Fluids which obey the Newton's law of viscosity are called as Newtonian fluids. Newton's law of viscosity is given byt = mdv/dy
where t = shear stress
m= viscosity of fluid
dv/dy = shear rate, rate of strain or velocity gradient
All gases and most liquids which have simpler molecular formula and low molecular weight such as water, benzene, ethyl alcohol, CCl4, hexane and most solutions of simple molecules are Newtonian fluids.
Fluids which do not obey the Newton's law of viscosity are called as non-Newtonian fluids.
Generally non-Newtonian fluids are complex mixtures: slurries, pastes, gels, polymer solutions etc.,
Various non-Newtonian Behaviors:
Properties are independent of time under shear.
Bingham-plastic: Resist a small shear stress but flow easily under larger shear stresses. e.g. tooth-paste, jellies, and some slurries.
Pseudo-plastic: Most non-Newtonian fluids fall into this group. Viscosity decreases with increasing velocity gradient. e.g. polymer solutions, blood. Pseudoplastic fluids are also called as Shear thinning fluids. At low shear rates(du/dy) the shear thinning fluid is more viscous than the Newtonian fluid, and at high shear rates it is less viscous.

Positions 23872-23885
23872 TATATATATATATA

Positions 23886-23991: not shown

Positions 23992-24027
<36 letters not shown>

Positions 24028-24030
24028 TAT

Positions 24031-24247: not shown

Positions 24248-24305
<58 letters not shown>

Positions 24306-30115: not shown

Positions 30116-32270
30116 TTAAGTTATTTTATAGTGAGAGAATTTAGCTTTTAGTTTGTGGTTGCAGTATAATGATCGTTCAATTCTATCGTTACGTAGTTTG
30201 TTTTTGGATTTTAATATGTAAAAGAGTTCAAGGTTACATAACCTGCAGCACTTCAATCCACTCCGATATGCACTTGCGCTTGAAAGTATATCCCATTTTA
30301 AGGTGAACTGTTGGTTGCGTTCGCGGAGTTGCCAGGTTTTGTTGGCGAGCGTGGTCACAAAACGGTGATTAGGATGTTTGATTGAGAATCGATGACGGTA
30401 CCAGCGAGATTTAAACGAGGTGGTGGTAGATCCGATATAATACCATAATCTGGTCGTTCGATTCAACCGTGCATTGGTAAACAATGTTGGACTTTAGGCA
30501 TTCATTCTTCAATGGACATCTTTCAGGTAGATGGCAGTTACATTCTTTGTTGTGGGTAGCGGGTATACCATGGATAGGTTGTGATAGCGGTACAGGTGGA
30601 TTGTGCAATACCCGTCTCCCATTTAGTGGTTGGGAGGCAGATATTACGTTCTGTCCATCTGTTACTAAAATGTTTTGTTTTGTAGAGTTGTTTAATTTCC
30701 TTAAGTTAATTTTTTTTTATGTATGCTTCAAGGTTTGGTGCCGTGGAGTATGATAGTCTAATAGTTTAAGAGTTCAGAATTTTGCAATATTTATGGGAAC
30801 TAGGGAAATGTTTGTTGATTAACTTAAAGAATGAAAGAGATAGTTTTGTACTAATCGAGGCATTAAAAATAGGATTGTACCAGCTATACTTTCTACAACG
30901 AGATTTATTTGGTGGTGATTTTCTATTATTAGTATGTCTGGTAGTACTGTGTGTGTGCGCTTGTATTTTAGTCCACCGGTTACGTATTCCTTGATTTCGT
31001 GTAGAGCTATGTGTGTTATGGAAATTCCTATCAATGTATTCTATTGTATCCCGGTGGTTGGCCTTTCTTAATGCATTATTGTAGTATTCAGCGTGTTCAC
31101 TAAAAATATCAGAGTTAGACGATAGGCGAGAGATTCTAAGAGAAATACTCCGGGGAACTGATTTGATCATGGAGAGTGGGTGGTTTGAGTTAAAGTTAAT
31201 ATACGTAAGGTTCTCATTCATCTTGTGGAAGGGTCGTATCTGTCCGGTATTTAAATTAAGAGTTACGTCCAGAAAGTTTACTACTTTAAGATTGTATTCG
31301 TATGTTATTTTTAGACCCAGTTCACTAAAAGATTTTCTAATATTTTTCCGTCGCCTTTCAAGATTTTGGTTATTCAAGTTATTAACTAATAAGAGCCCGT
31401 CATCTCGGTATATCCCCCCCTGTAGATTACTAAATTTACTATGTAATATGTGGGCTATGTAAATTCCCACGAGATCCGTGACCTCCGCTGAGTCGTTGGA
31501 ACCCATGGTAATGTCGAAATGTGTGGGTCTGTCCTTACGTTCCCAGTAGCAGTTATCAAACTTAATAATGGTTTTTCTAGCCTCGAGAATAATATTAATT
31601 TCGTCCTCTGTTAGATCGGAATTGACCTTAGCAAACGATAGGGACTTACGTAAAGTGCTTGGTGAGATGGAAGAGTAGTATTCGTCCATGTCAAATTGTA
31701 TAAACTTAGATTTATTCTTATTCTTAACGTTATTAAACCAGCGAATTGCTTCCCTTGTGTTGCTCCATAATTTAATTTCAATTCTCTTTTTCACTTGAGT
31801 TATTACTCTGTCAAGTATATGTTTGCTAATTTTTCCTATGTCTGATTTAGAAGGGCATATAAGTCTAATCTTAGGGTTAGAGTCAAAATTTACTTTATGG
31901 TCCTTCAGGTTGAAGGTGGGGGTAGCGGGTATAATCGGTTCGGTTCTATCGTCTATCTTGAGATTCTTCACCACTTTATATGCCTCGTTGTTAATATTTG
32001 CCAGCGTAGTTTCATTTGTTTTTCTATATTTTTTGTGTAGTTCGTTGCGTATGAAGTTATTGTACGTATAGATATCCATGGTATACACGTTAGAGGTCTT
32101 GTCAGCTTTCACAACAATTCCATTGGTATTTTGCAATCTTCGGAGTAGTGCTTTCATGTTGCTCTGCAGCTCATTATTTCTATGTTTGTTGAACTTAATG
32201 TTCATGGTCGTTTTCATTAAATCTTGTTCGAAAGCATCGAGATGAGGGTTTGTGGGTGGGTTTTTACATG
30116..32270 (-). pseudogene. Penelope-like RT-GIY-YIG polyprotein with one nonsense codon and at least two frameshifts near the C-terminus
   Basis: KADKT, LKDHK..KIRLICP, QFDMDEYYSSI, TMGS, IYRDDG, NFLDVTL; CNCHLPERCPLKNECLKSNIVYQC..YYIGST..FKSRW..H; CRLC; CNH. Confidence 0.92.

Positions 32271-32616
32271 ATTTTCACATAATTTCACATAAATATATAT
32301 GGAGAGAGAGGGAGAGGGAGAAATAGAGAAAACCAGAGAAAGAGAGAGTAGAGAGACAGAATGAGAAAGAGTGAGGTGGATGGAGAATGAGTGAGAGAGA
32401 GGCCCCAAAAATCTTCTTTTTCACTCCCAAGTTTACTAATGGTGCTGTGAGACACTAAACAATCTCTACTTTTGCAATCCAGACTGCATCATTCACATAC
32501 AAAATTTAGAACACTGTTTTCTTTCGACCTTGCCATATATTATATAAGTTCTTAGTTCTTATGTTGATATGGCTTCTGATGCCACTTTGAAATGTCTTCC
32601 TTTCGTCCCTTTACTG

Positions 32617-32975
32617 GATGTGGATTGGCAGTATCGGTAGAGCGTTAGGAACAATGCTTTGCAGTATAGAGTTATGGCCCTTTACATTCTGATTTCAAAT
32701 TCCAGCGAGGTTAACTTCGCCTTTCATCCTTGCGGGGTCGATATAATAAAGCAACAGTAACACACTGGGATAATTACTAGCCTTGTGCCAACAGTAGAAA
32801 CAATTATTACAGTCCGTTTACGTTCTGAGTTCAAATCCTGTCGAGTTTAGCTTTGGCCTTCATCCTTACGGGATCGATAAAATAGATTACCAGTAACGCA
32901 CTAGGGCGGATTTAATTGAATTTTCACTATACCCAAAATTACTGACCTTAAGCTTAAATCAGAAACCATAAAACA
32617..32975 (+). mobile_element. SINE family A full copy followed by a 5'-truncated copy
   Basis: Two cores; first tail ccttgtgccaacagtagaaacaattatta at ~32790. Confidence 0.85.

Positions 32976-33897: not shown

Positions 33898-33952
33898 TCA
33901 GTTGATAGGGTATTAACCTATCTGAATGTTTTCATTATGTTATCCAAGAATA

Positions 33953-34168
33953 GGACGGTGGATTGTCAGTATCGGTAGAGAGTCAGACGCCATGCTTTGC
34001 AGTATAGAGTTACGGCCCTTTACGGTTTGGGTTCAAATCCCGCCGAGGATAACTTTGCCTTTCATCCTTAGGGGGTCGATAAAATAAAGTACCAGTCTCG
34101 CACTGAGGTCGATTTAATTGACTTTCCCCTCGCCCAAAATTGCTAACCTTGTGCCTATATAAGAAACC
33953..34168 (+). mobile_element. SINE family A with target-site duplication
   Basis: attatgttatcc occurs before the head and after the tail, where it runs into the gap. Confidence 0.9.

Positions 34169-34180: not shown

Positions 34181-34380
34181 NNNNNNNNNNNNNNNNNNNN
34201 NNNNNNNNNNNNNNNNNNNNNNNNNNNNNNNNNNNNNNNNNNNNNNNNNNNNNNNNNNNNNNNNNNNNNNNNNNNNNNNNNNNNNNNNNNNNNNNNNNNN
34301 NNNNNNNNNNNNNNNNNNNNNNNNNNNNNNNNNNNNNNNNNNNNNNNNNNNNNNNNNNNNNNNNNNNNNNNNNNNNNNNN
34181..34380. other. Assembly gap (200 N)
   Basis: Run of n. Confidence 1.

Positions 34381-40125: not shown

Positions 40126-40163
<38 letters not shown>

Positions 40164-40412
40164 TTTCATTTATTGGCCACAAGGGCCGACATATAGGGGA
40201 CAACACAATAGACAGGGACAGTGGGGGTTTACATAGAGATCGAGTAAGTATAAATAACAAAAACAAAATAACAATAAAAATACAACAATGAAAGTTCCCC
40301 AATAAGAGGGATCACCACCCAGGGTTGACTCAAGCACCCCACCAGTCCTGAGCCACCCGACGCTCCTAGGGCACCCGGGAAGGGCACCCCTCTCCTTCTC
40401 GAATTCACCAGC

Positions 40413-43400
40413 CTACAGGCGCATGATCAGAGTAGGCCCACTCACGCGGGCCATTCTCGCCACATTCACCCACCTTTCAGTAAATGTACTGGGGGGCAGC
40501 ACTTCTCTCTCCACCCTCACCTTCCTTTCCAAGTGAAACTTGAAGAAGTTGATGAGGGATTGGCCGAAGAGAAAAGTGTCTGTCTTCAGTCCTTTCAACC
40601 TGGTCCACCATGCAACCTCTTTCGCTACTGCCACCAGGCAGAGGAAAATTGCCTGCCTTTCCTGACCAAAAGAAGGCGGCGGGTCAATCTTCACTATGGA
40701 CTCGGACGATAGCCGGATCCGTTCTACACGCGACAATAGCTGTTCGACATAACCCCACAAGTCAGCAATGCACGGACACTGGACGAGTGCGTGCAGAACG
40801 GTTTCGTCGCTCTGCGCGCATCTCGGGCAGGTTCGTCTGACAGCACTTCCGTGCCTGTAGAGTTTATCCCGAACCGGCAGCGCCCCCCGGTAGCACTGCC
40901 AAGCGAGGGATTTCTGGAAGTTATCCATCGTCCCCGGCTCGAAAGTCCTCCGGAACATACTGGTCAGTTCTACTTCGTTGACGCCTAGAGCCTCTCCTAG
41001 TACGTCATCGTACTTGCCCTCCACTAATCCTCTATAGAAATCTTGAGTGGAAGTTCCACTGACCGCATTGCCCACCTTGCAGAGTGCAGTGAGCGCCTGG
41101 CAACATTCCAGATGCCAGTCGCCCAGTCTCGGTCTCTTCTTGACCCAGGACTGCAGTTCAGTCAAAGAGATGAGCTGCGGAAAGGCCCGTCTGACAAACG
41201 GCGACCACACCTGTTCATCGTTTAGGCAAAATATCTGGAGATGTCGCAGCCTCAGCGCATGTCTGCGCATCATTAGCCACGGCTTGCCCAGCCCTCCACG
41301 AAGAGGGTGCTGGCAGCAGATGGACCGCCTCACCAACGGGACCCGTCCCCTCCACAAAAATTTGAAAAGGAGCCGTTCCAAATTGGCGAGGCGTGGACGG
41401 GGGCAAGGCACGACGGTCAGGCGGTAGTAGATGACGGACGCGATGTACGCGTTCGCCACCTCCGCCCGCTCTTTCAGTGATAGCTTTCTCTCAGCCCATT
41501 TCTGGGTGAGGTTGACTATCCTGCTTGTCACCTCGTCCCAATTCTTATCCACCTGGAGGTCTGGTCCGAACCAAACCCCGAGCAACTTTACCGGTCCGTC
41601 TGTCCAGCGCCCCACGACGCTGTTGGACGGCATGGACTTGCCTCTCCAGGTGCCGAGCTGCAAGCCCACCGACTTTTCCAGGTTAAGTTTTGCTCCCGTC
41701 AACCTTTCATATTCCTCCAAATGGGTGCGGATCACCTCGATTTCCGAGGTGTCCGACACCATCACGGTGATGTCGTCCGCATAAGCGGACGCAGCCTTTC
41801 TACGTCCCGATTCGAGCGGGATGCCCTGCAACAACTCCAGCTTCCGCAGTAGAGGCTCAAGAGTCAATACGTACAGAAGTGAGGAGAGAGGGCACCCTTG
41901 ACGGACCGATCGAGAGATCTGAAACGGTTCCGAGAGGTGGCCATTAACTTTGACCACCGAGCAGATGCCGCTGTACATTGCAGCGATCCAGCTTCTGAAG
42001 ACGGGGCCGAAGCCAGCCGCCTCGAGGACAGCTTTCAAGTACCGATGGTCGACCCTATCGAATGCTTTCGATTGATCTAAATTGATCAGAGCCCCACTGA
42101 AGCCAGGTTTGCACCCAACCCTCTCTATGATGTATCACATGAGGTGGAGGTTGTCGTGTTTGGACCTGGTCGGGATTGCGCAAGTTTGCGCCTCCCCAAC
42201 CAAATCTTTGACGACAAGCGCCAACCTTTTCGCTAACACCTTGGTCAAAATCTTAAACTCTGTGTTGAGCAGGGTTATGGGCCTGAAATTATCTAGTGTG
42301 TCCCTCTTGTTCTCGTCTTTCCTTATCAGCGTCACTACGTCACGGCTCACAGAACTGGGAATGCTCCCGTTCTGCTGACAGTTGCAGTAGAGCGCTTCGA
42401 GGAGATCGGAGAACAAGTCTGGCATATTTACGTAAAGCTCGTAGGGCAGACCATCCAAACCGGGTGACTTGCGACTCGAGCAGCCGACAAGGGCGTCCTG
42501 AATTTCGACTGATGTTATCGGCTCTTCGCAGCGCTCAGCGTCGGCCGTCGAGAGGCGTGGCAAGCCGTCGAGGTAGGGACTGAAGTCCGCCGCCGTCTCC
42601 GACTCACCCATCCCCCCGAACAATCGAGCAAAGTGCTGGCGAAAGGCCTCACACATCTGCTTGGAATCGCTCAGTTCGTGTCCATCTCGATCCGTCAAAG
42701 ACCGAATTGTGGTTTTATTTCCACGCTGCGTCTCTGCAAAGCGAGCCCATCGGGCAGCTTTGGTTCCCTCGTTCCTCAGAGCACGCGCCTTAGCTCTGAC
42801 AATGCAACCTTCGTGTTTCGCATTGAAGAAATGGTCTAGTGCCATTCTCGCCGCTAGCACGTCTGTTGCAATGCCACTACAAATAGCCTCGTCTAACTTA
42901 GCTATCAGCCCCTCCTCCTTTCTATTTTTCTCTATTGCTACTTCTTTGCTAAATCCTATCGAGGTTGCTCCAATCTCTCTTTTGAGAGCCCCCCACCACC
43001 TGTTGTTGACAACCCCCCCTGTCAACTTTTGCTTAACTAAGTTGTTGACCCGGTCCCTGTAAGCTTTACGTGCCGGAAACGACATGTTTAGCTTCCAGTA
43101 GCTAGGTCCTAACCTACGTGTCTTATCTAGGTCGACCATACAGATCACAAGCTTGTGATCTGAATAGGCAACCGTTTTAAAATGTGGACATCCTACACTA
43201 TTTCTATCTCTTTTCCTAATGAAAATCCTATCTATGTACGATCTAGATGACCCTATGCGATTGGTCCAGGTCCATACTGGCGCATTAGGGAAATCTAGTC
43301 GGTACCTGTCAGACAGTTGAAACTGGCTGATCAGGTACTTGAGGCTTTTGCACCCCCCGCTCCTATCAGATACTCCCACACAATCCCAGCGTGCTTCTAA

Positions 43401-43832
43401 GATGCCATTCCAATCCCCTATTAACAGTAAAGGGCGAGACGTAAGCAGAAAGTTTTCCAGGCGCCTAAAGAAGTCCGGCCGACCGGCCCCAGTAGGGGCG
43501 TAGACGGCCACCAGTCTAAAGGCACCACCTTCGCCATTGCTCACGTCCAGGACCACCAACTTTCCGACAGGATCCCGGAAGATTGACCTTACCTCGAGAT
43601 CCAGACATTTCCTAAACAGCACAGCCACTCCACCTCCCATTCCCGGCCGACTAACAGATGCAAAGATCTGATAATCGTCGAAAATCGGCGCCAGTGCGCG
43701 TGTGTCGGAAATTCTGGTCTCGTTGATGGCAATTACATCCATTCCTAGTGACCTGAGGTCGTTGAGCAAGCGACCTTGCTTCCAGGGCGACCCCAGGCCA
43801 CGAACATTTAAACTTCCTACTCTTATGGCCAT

Dilatant fluids: Viscosity increases with increasing velocity gradient. They are uncommon, but suspensions of starch and sand behave in this way. Dilatant fluids are also called as shear thickening fluids.
Time dependent behaviors:
Those which are dependent upon duration of shear.
Thixotropic fluids: for which the dynamic viscosity decreases with the time for which shearing forces are applied. e.g. thixotropic jelly paints.
Rheopectic fluids: Dynamic viscosity increases with the time for which shearing forces are applied. e.g. gypsum suspension in water.
Visco-elastic fluids: Some fluids have elastic properties, which allow them to spring back when a shear force is released. e.g. egg white.
Last Modified on: 14-Sep-2014
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